The leader of the Social Democratic Party stated that he will give way in order to give his successor the best chance in next year’s opinion polls.

Sweden’s troubled Social Democratic Prime Minister Stefan Lofven said he will step down in November to allow time for his successor to prepare for the country’s September 2022 election.

Lowen is Reinstatement of prime minister A few weeks after being removed in a historic vote of no confidence, Parliament passed it in early July.

He stated at a political rally on Sunday that he would “resign as chairman of the party at the party congress in November and will also resign as prime minister afterwards”.

Lofven, 64, has been the leader of the party for nearly 10 years and has served as prime minister since 2014.

“Everything has an end, and I want to give my successor the best chance,” he said.

For the past three years, the former welder and union leader has led a weak minority government together with the Green Party, struggling to find a viable alliance after the September 2018 elections ended in fruitless.

Nevertheless, his announcement of his resignation was unexpected because Lofven had previously stated that he hoped to lead the party in the next election campaign.

But Ewa Stenberg, a political commentator for the Swedish newspaper Dagens Nyheter, said it was a wise decision for him.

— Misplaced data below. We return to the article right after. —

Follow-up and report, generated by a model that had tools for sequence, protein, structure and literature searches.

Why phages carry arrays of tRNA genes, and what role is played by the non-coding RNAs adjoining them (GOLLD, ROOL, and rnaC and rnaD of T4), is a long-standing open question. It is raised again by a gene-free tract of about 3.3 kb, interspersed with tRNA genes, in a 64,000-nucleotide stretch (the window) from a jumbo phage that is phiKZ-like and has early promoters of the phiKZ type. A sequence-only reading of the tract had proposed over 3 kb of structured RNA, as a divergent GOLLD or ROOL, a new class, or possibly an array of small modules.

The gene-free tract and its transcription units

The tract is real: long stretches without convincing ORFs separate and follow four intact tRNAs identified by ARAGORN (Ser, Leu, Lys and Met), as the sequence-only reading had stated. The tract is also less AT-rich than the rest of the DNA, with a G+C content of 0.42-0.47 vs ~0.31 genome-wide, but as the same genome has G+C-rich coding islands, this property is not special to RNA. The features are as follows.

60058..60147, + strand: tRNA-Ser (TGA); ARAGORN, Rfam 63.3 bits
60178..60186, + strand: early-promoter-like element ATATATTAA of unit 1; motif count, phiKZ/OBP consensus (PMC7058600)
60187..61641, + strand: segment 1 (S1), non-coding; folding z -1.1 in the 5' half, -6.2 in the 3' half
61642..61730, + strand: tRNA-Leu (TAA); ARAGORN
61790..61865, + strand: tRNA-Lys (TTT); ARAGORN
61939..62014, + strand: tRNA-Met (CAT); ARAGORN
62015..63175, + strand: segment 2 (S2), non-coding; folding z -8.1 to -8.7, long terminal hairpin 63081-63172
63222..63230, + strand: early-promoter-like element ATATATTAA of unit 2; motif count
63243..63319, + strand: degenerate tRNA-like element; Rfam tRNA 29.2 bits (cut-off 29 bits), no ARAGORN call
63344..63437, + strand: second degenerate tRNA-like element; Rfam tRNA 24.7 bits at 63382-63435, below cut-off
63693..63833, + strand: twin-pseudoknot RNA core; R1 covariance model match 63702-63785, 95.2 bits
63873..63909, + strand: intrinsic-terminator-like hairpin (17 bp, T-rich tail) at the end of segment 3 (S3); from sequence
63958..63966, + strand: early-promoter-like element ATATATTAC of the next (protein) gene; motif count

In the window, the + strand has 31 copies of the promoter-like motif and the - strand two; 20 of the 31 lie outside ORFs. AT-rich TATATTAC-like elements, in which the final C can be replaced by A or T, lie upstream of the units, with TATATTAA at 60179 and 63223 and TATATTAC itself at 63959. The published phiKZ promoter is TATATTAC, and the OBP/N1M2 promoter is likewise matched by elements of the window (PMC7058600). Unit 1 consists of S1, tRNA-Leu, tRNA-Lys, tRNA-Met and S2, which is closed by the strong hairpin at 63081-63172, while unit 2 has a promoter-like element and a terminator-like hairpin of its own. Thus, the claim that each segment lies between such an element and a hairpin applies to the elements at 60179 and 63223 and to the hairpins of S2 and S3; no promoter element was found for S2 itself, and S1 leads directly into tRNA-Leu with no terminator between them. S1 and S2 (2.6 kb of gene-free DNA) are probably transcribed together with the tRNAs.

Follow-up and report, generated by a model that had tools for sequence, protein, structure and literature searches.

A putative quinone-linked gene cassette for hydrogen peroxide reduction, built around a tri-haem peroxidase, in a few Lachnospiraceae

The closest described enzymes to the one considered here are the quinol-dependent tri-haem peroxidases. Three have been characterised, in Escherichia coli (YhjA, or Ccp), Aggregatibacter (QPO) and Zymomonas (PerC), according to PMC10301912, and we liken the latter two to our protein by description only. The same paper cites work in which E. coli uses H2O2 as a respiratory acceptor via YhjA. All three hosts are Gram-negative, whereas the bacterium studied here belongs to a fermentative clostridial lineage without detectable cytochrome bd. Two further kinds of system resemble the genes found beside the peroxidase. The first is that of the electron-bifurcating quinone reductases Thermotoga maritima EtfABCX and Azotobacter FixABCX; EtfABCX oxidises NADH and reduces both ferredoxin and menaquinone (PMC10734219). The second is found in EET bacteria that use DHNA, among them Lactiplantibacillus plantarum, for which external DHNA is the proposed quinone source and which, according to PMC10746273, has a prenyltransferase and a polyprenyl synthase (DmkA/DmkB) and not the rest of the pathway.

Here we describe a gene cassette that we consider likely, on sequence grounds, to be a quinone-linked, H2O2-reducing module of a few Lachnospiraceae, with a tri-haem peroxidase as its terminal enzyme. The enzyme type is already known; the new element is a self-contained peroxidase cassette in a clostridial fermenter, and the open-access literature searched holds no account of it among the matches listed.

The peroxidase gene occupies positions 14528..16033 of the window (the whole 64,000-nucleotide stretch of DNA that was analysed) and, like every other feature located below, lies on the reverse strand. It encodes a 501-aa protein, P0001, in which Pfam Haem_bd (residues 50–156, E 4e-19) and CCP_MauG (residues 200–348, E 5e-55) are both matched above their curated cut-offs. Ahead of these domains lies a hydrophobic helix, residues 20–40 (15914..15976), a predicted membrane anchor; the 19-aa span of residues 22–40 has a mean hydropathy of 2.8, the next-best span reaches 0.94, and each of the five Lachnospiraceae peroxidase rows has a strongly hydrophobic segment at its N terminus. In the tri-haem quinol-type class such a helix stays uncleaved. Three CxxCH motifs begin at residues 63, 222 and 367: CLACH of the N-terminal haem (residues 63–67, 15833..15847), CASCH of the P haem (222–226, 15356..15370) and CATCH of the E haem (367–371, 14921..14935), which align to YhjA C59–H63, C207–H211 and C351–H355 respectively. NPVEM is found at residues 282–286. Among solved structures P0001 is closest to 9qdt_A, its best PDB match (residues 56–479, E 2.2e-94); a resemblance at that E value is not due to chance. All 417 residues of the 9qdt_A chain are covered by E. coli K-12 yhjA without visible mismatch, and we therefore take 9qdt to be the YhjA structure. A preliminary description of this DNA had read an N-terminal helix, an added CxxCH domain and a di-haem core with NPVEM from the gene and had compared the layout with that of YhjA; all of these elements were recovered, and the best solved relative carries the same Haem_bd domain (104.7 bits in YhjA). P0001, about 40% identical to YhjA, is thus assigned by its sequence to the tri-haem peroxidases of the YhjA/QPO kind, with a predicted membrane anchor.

“Lofven is not a good campaigner or debater. He is not the leader the Social Democratic Party needs in difficult campaigns. In this kind of campaign, words are important,” she wrote.

“In this context, it is logical for him to hand him over to someone who is more eloquent and can inspire enthusiasm.”

It is not clear who will succeed Lofven as the party leader, although Stenberg and other political commentators speculate that Finance Minister Magdalena Andersson is a hot topic.

Anderson has been in the financial portfolio for seven years, sometimes as prime minister.

The Minister of Health Lena Hallengren enjoys a relatively high reputation among the public like Anderson, especially her handling of the COVID-19 pandemic, and is also considered a possible successor.

Although Sweden has long been a champion of women’s rights and gender equality, unlike its Nordic neighbors, Sweden does not yet have a female prime minister.

No matter who is elected to replace Lowen as the party leader, he must obtain the approval of Parliament to take over as prime minister.

Since coming to power in 2014, Lowen has withstood the test of the decline of European social democracy, the rise of the extreme right and the pandemic.

But he was weakened by the political crisis that emerged in June this year, when the left-wing party that had always supported his coalition withdrew its support for the initial plan to reform rent control.

Lofven was forced to resign after losing a vote of no confidence.

The opposition had the opportunity to form a government, but failed to get enough votes in the parliament, which eventually led to the restoration of the position of Prime Minister Loveven by most lawmakers.


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